Cold H+ produced via charge exchange reactions between ring current ions and exospheric neutral hydrogen constitutes an additional source of cold plasma that further contributes to the plasmasphere and affects the plasma dynamics in the Earth's magnetosphere system; however, its production and associated effects on the plasmasphere dynamics have not been fully assessed and quantified. In this study, we perform numerical simulations mimicking an idealized three-phase geomagnetic storm to investigate the role of heavy ion composition in the ring current (O+ vs. N+) and exospheric neutral hydrogen density in the production of cold H+ via charge exchange reactions. It is found that ring current heavy ions produce more than 50% of the total cold H+ via charge exchange reactions, and energetic N+ is more efficient in producing cold H+ via charge exchange reactions than O+. Furthermore, the density structure of the cold H+ is highly dependent on the mass of the parent ion; that is, cold H+ deriving from charge exchange reactions involving energetic O+ with neutral hydrogen, populates the lower L-shells, while cold H+ deriving from charge exchange reactions involving energetic N+ with neutral hydrogen populates the higher L-shells. In addition, the density of cold H+ produced via charge exchange reactions involving N+ can be peak at values up to one order of magnitude larger than the local plasmaspheric density, suggesting that solely considering the supply of cold plasma from the ionosphere to the plasmasphere can lead to a significant underestimation of plasmasphere density.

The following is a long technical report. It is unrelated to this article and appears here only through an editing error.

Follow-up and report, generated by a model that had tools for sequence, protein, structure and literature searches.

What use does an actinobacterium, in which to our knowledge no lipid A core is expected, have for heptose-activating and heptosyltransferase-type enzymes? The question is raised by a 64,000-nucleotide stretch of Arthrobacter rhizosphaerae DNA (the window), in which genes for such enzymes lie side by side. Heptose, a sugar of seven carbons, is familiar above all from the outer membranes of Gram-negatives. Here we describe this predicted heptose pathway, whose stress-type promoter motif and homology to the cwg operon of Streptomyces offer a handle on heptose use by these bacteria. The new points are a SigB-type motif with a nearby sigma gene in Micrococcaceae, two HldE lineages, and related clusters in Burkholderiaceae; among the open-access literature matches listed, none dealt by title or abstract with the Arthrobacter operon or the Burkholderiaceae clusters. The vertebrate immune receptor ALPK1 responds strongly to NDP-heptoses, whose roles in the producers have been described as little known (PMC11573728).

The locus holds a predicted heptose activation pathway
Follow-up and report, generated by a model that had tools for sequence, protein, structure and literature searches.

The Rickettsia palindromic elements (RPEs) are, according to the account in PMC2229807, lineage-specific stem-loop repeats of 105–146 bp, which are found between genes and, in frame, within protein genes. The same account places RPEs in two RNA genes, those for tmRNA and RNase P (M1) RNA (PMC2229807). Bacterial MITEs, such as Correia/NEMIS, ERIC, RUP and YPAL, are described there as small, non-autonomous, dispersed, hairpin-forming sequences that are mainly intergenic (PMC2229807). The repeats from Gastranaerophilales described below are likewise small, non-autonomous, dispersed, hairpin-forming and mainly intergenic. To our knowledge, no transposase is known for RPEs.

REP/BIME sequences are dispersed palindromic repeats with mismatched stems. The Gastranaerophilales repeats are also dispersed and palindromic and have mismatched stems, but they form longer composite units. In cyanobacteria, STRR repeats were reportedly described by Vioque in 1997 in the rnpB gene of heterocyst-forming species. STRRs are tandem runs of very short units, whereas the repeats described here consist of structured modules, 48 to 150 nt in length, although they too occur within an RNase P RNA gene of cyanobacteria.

- inner magnetospheric cold ions
- numerical modeling
- hydrogen exosphere
- ring current